The case involves Rose Nini, who worked as an executive assistant for Mercer County Community College (MCCC) from 1979 to June 30, 2005. She worked pursuant to a series of renewable employment contracts. In June 2005, MCCC chose not to renew her contract for an additional three years term. At the time, Ms. Nini was 73 years old.

According to Ms. Nini, she had substantial evidence of age discrimination. For example, during the nearly 25 years before MCCC told her it might not renew her contract, she never received a poor performance review. Her supervisor then made it clear that he thought she should not be working at her age, that other employees her age were considering retiring, and that he thought she should retire too. Several MCCC department heads also discussed “age and incompetence,” “dead wood,” and made jokes about getting rid of the “oldest employees.” Ms. Nini also heard that MCCC’s Human Relations Director said the college needed to “get rid of the old-timers” and “bring in new blood.”

In analyzing the LAD’s exception regarding the right not to hire or promote an employee over seventy years old, the Appellate Division stated that the nonrenewal of a contract is the equivalent of a termination, rather than a refusal to hire. Previous New Jersey cases have recognized there is little or no difference between failing to extend or renew an employment contract and a decision to fire an employee. Thus, the Court ruled that the over-seventy exception does not apply to a decision not to renew an employment contract, meaning it violates the LAD if an employer chooses not to renew the contract of an employee because she is over 70 years old. Accordingly, the Court sent the case back to the lower Court so Ms. Nini could further pursue her age discrimination case.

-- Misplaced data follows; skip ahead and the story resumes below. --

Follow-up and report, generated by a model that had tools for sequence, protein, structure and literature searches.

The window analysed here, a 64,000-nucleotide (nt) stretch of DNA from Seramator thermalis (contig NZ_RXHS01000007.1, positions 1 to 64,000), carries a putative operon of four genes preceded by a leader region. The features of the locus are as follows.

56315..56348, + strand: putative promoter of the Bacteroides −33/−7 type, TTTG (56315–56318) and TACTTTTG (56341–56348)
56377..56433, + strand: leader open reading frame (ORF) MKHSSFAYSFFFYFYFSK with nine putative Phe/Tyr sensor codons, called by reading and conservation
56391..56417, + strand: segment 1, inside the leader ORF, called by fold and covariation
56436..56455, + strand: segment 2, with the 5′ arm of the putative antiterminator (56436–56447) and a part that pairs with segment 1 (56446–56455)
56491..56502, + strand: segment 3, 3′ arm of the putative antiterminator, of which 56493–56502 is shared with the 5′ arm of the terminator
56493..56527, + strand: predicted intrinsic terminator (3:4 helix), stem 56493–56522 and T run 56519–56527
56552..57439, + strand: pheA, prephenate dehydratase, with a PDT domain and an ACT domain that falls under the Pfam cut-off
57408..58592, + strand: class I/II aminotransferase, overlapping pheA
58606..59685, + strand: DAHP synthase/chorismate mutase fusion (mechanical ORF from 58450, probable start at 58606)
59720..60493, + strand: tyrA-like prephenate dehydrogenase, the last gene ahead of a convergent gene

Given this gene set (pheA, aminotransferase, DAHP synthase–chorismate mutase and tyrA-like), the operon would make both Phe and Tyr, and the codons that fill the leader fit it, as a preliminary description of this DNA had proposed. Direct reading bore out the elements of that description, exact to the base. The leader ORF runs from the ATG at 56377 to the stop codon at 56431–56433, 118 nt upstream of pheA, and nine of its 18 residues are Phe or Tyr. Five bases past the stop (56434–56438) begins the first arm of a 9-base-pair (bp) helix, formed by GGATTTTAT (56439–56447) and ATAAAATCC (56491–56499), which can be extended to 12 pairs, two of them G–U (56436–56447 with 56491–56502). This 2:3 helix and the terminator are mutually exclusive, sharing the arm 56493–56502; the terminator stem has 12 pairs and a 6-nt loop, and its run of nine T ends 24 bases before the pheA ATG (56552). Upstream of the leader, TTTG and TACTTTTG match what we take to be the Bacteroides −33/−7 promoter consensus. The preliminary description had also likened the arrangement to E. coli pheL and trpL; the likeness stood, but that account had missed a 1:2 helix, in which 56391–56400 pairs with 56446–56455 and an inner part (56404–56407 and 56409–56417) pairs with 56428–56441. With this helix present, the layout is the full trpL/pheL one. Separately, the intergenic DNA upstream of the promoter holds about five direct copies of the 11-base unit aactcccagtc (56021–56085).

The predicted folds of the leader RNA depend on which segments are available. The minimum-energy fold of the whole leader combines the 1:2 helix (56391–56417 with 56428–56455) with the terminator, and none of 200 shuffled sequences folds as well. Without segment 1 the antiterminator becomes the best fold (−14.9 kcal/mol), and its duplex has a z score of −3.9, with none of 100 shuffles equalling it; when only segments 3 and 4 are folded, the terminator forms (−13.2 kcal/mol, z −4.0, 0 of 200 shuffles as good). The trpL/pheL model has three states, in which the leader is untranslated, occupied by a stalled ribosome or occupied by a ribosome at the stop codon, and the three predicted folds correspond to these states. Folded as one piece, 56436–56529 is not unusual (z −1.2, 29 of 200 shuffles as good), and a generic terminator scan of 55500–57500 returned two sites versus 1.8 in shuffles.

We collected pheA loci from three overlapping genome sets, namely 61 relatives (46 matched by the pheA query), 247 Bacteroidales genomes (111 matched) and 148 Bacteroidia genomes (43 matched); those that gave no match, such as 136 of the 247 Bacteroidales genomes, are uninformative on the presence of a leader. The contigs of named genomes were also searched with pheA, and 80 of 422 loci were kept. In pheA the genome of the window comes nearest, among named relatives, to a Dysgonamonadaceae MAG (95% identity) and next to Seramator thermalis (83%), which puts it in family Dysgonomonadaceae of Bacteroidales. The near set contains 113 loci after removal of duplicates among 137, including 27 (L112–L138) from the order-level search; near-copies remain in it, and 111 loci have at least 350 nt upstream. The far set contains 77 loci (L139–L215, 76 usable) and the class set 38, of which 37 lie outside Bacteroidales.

Published on:

In the United States, the vast majority of employees are employees at-will, meaning they can be fired for almost any reason, as long as the decision is not the result of unlawful discrimination, retaliation, a breach of an employment contract, or some other form of wrongful discharge. However, certain employees of public schools eventually gain much greater protection — the protection of tenure laws.

When most people think about tenure laws, they think of school teachers. In many states, including both New York and New Jersey, teachers attain tenure after they teach in the public school system for more than three years.

But at least under New Jersey law, in addition to teachers, secretarial and clerical employees working for public schools are eligible to attain tenure. The applicable tenure statute states that “[a]ny person holding any secretarial or clerical position or employment under a board of education of any school district” shall attain tenure after “a period of employment of three consecutive calendar years.”